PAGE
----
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From Joe Schaefer <>
Subject Re: Keeping an eye out for new committers
Date Mon, 19 Mar 2012 14:47:54 GMT
+1 Dan, people really do learn from the codebase as they whittle
on it.  I know when I first got commit at the ASF I knew precious
little about C, but after a few years of work here finally got the hang
of it.

----- Original Message -----
> From: Daniel Kulp <>
> To:
> Cc: Alan Gates <>; Jukka Zitting <>
> Sent: Monday, March 19, 2012 10:42 AM
> Subject: Re: Keeping an eye out for new committers
> On Friday, March 16, 2012 04:28:06 PM Alan Gates wrote:
>>  With my mentor hat on, this is a poke to remind you (the PPMC) that 
> it's
>>  your job to be on the lookout for contributors that may be ready to
>>  become committers.
>>  I look for several things when I consider making someone a committer:
>>  1) Patches, are they contributing quality features and/or bug fixes. They
>>  don't have to have written a new subsystem, but you want to look for
>>  patches that demonstrate understanding in some area, not just spelling
>>  fixes in error messages, etc.  
> I just want to mention that patches that fix "just spelling fixes in error 
> messages, etc."  shouldn't be discounted so harshly.   In CXF, one of 
> the 
> historically most active contributors got started by deluging us with such 
> patches.   We made him a committer (so he could fix all of that himself) 
> which helped build his confidence and he's expanded out from there.   His 
> work just on the spelling mistakes and messages and stuff has been a big 
> help in making things "feel" more professional, especially in a 
> projects 
> where a large number of people don't have english as their native language.  
> All contributions are welcome and have value.   Just because it may not be 
> technical in nature doesn't make them have any less value from a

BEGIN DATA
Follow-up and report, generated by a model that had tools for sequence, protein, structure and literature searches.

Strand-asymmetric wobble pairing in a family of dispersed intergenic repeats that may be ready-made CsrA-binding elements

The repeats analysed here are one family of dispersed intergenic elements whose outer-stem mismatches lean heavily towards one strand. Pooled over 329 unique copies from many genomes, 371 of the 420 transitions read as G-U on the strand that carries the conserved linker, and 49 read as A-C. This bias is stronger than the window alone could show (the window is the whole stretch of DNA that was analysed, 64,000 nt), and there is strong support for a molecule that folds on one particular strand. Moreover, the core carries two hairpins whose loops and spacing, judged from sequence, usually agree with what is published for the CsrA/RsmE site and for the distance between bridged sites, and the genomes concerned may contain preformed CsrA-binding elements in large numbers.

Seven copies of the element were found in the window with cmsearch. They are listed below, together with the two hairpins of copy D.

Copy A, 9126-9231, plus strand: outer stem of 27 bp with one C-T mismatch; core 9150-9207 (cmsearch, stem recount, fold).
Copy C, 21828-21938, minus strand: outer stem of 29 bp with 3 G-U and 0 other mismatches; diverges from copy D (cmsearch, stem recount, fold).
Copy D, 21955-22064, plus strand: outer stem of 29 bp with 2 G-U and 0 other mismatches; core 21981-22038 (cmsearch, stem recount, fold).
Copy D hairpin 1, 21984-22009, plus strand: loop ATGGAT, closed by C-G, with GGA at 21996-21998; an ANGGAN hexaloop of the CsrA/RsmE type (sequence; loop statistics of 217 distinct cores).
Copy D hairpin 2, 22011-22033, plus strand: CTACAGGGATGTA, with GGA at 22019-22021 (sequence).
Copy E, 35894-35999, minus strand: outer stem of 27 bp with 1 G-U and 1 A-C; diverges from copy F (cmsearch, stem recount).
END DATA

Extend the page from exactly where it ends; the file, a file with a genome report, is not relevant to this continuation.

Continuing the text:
> "should 
> this person be a committer" standpoint.  
> But the rest of this is good.  :-)
> Dan
>>  One good way to find what patches a
>>  contributor has done is to look over the contributor report from JIRA. 
>>  You can get this by going to your project's JIRA, and under the reports
>>  drop down on the right side, click on "Contribution Report".
>>  2) Emails, comments on JIRA, etc. giving others feedback, answering user
>>  questions, etc.  Again you can use the contribution report to see JIRA
>>  comments.  You can find emails in the mailing list archives for your
>>  project.
>>  3) Is this person good to work with?  Do they give constructive feedback? 
>>  Do they take feedback well?
>>  4) Does this person seem likely to stay involved?  All Apache positions
>>  are volunteer and so we can't ask people to sign up for a period of 
> time
>>  or promise to be around forever.  But if I sense that a contributor is
>>  just fixing one problem they need fixed, I usually wait to see if they
>>  continue their involvement after that issue is addressed before
>>  nominating them as a committer.
>>  Alan.
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> -- 
> Daniel Kulp
> -
> Talend Community Coder -
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